Now, it is important to note that Elaine Scarry is an English professor whose interest in pain is far from abstract. Her book The Body in Pain aims to show the way in which this structure, and only this structure, can account for our curiously abominable capacities to kill, maim, and torture each other. Not satisfied with the explanation that pain’s first person qualities make it simple to inflict on another, since one can ignore the effects, Scarry wonders how one could actually engage in careful, deliberate, and imaginative torture that was made famous in Chile, Brazil, Greece, the Philippines, and other locales during the seventies and eighties, usually by graduates of a US operation, the School of the Americas. Rather than ignoring the pain inflicted, a torturer must attentively monitor it, rejoice in a job well done, and perhaps even take pleasure in the suffering of another. The purpose and intention of the torturer, tied up as it so often is with interrogation, works to take away the victim’s capacity to think a thought like “I have a pain in my lower abdomen.”

Pain, Scarry claims, “is not of or for anything.” Instead, it entails a “shattering of language.” (5) Thus, Scarry’s theorization of pain involves several important distinctions that remain questions in the philosophy of mind: whether thought or language is prior, whether the mental can be better encapsulated by qualia or intentionality, and how the body impinges on the mental. Although we are focusing on the second distinction, maintaining the qualia/intention split while preserving them both in same ontological plane, her conclusions on the other points are certainly germane.

In her usage of the phenomenological conception of “world,” Scarry begins to unravel the thought/language distinction.

“It is the intense pain that destroys a person’s self and world, a destruction experienced spatially as either the contraction of the universe down to the immediate vicinity of the body or as the body swelling to fill the entire universe. Intense pain is also language-destroying: as the content of one’s world disintegrates, so the content of one’s language disintegrates; as the self disintegrates, so that which would express and project the self is robbed of its source and its subject.” (35)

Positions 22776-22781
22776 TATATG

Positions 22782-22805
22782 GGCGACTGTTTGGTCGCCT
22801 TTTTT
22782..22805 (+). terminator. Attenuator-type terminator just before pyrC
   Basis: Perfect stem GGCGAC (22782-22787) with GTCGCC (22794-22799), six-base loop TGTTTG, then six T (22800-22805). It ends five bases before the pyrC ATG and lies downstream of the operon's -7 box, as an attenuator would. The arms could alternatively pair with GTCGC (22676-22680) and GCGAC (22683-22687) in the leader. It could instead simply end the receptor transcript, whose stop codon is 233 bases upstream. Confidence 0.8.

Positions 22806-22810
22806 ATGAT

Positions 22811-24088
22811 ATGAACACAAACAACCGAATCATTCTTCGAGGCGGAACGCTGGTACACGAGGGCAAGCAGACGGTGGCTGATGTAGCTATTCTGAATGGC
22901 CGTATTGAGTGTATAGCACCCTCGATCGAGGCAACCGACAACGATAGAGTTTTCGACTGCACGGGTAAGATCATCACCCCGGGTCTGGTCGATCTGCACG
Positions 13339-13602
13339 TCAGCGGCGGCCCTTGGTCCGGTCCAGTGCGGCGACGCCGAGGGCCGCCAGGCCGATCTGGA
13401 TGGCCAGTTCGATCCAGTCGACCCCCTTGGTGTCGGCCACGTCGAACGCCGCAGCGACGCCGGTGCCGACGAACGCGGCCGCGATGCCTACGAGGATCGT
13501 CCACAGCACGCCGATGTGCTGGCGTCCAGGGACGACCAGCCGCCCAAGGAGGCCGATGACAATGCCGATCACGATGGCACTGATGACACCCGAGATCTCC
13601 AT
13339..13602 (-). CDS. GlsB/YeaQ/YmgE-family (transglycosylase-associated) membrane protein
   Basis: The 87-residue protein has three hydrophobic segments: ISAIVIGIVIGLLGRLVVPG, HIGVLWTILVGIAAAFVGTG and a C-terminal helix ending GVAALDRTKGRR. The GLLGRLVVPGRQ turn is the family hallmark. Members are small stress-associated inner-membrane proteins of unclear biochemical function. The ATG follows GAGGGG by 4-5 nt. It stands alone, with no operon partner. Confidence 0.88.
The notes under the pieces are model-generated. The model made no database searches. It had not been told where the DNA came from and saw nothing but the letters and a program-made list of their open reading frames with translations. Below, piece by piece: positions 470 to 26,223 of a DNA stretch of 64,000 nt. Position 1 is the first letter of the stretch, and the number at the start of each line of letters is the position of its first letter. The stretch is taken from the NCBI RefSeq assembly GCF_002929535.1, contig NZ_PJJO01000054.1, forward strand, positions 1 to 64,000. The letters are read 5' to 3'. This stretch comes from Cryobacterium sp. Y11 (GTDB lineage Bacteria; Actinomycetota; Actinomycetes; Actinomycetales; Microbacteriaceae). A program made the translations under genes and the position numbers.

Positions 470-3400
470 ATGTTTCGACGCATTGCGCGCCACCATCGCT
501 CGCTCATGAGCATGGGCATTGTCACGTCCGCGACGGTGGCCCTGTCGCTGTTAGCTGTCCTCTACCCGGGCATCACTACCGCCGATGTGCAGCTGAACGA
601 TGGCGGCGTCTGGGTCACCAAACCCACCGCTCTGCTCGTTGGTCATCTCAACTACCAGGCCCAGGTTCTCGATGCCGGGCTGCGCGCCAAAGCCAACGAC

In one sense, pain serves as an impossible limit to the mental: truly intense, constant pain seems to negate itself as a phenomenon, taking the experiencing subject with it. Scarry argues that this phenomenon is purely encapsulated by torture, where voice and language are always part of the object of the torture, insofar as interrogation is ostensibly the purpose, and even inarticulate cries can be elicited without conscious thought. The difference between an interrogation using torture and a corporeal punishment is that the torturer must, in order to be effective, achieve a level of mastery that is only gestured towards in punishment. Scarry writes, “It is crucial to see that the interrogation does not stand outside an episode of torture as its motive or justification: it is internal to the structure of torture, exists there because of its intimate connections to and interactions with the physical pain.” (29) When a prisoner confesses to a crime or reveals information under torture, the confession that has been elicited indicates the success of the torture, but when that confession is not true or the information will cause harm to others, we tend to blame the victim, rather than the perpetrator. To act to end the pain by signing a confession to a crime one has not committed is, we feel, a moral failing equivalent to the actual crime. The status of confession as breaking under interrogation, rather than having one’s will broken, and as a betrayal (of oneself, one’s friends, one’s associates), rather than as an inevitable and expected portion of the torture process, demonstrates exactly what is at stake in an experience that should not be subsumed by third-person descriptive techniques. To ascribe breaking, rather than being broken, to the victim of torture is to take our assumptions of subjectivity and rational choice where they no longer belong. This is the only way we can understand a victim to have betrayed himself or others; that is, from the comfort of our own untrammeled first-person.